SEC Commissioner Mike Slive, executive associate commissioner Mark Womack, and associate commissioners Mark Whitworth and Charlie Hussey were at the table for the conference. ESPN executives were not part of these talks, even though the network will benefit. The SEC said it would not comment on the network until a formal announcement is made.

    The negotiations for third-tier TV was similar to what the Pac-12 went through when it bought back its third-tier TV to start the Pac-12 Networks in 2012. Even though the third-tier football and basketball games generally consist of the least attractive matchups, they have value to the conference networks because they represent live programming. That’s especially the case for the SEC, which typically draws the highest regular-season TV ratings in college football.

    Meanwhile, ESPN is in the process of regaining its syndicated rights from Comcast SportsNet and Fox Sports Net. Both RSNs currently buy SEC games from ESPN. The syndicated deal with Comcast SportsNet ends after the 2013-14 school year. The deal with Fox ends after the 2014-15 school year.

    Sutton said the new arrangement will not mark the end of IMG College’s relationship with the SEC. The company will continue to manage multimedia rights for its existing partners in the league — Arkansas, Auburn, Florida, Georgia, Kentucky, Mississippi, South Carolina, Tennessee and Vanderbilt.

    Those multimedia rights include radio, individual school corporate sponsorships, signage on campus, hospitality and other promotional assets.

    Alabama’s property is a joint venture between Learfield and IMG College. Learfield also has properties at Mississippi State, Missouri and Texas A&M. LSU works with CBS Collegiate Sports Properties.

    In the past, IMG College, CBS Collegiate and Learfield exploited the third-tier TV rights by broadcasting games on a pay-per-view basis and packaging TV advertising into sponsorship deals. Those TV rights were more valuable at some SEC schools than others. Arkansas, Florida and Kentucky were among the schools where third-tier TV rights generated the most revenue.

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  • Fox near deal to show new soccer event

    Miami Dolphins owner Stephen Ross’ dream of transforming Sun Life Stadium into a center for soccer in the United States could get a big boost this summer by way of an international tournament involving some top soccer brands.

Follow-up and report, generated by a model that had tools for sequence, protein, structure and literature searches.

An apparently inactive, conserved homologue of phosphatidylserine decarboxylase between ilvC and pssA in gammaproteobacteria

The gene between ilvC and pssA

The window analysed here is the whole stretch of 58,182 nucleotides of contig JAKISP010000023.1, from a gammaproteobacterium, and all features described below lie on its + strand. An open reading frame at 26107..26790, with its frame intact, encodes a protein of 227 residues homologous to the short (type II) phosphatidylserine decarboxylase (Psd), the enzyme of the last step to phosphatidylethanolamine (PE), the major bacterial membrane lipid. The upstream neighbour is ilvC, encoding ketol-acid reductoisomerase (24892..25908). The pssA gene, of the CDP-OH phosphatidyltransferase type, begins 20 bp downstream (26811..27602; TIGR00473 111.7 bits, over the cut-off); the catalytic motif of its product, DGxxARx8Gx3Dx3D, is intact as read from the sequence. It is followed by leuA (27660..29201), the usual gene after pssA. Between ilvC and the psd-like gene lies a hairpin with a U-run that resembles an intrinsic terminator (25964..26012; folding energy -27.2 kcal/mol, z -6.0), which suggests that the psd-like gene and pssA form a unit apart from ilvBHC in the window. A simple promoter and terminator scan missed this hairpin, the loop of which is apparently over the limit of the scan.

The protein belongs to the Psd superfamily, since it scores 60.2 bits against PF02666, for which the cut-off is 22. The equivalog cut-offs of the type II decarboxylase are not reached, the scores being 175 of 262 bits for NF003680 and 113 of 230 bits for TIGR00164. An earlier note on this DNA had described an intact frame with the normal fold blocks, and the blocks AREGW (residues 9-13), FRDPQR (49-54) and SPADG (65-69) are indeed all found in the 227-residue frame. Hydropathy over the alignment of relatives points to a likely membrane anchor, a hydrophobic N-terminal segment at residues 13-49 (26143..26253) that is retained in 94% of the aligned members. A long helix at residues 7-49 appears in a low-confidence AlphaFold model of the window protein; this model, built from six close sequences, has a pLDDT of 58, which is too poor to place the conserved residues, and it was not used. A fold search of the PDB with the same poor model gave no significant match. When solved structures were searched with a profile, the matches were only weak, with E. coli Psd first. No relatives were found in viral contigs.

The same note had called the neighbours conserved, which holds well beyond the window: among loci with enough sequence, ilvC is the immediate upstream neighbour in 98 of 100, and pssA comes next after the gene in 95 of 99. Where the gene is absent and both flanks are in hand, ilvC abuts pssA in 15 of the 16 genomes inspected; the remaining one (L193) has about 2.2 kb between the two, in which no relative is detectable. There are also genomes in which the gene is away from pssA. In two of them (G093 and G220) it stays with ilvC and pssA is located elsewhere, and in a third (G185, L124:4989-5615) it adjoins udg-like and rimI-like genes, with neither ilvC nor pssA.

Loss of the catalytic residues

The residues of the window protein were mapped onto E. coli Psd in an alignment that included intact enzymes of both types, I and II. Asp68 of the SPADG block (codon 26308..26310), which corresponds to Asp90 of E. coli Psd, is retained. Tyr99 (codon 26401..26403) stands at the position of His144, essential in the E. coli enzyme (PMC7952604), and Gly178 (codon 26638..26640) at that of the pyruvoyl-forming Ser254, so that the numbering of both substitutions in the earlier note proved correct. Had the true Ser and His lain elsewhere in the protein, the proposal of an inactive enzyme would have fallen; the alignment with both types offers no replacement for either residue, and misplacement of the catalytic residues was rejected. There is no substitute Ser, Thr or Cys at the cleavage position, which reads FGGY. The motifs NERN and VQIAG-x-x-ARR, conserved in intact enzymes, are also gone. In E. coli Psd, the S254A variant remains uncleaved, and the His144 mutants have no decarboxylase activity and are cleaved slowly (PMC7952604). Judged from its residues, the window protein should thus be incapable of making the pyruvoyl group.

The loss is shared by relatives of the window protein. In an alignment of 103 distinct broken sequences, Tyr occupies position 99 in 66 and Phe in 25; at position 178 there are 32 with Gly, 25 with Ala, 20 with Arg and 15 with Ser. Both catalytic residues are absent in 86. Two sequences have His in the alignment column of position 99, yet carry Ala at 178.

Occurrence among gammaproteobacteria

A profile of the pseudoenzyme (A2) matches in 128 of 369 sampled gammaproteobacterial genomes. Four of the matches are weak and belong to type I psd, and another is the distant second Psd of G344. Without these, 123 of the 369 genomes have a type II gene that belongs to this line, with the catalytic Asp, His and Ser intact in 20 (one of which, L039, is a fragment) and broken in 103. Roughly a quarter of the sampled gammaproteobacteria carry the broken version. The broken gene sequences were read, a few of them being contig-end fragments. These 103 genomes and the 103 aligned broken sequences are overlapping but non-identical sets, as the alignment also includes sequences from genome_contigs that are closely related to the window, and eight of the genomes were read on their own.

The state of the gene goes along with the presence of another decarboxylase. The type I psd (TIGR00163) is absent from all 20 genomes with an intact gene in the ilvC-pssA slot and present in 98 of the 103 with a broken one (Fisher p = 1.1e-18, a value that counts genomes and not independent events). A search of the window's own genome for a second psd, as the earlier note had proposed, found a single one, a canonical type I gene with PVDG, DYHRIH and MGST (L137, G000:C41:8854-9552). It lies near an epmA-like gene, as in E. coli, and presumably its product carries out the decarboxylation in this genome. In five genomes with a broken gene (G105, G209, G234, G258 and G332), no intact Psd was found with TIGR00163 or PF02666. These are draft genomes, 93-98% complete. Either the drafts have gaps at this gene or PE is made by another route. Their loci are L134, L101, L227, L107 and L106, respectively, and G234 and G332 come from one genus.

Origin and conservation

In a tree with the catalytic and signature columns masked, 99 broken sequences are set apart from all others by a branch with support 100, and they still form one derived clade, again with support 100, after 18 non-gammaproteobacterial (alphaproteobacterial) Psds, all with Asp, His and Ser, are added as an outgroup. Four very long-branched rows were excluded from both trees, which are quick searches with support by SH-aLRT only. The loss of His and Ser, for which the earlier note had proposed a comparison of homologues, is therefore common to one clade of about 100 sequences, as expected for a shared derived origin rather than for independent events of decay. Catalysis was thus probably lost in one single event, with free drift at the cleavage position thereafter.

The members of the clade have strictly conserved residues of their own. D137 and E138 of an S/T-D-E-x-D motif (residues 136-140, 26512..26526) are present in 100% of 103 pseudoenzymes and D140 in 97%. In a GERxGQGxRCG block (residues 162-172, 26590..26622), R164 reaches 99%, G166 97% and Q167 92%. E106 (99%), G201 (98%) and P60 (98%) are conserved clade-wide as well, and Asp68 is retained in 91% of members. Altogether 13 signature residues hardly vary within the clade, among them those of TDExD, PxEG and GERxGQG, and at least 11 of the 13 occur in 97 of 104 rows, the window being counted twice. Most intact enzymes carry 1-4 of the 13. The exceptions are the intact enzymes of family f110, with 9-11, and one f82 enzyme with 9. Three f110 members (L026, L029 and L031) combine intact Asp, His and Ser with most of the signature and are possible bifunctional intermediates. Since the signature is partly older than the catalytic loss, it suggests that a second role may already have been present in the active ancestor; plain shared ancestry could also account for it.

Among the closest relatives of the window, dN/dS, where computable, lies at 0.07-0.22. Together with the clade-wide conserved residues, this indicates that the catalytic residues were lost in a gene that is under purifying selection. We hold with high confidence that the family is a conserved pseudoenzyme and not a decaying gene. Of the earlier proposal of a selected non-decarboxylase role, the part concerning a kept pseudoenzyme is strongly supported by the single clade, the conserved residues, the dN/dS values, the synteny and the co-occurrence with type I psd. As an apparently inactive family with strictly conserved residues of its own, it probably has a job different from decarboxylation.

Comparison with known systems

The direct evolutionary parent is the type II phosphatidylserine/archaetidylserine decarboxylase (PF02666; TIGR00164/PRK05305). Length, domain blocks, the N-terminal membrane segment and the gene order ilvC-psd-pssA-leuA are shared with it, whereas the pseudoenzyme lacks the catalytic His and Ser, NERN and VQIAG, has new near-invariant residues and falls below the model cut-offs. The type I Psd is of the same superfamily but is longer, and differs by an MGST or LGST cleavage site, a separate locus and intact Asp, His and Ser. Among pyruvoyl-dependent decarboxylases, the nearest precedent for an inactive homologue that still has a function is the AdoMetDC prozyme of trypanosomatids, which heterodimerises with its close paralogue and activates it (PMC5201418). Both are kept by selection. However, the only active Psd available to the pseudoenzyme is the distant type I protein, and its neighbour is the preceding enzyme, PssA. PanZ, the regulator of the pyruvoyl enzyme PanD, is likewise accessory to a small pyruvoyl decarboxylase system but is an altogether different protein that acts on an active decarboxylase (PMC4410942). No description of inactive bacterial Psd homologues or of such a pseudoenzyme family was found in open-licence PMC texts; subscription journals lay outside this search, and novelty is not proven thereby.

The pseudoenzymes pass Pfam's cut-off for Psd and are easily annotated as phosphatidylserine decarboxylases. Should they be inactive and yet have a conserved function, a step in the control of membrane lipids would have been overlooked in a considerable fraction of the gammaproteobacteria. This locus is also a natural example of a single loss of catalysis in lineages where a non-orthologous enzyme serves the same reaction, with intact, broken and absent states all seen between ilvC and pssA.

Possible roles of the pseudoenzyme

Details are sparse, as organizers had yet to finalize deals with the teams or media outlets by deadline. But talks have progressed far enough that Ross’ RSE Ventures has scheduled a press conference for Tuesday in Miami to unveil the single-elimination tournament.

    Stephen Ross will bring international teams to Sun Life Stadium.
    Photo by: GETTY IMAGES
    The event’s organizers are close to finalizing terms with Fox on a three-year deal to cover what’s being billed as the International Champions Cup. While nothing has been signed, initial plans have Fox Soccer Channel carrying the tournament this year, with Fox Sports 1 carrying it in 2014 and 2015.

    Financial terms of the Fox deal are not known.

    The tournament will feature eight teams playing matches on both U.S. coasts in as many as seven stadiums. The tournament’s format will be single-elimination, featuring at least one team from the top leagues in England, Germany, Italy and Spain. A Major League Soccer club, most likely the Los Angeles Galaxy, also will participate, sources said.

    Veteran soccer executive Charlie Stillitano is handling negotiations with the teams for RSE Ventures, which will pay for the teams to participate. A source said a marquee team like Manchester United could command as much as $2 million. Smaller upper-division clubs would cost around $500,000.

    The tournament will culminate in two games at Sun Life Stadium in early August. It’s expected that the tournament winner will get a cash prize of around $1 million.

    Insignia, a New York marketing firm that is a supporting company for Ross’ RSE Ventures, is handling branding and sales.

    “Sometimes, the guarantee for a big European team will be bigger than a million, so this may be more of a marketing ploy than anything else,” said Mark Noonan, former MLS executive vice president of marketing, who now heads consultancy FocalSport. “You can make some decent money if you control the venue, so that may be Ross’ play here.”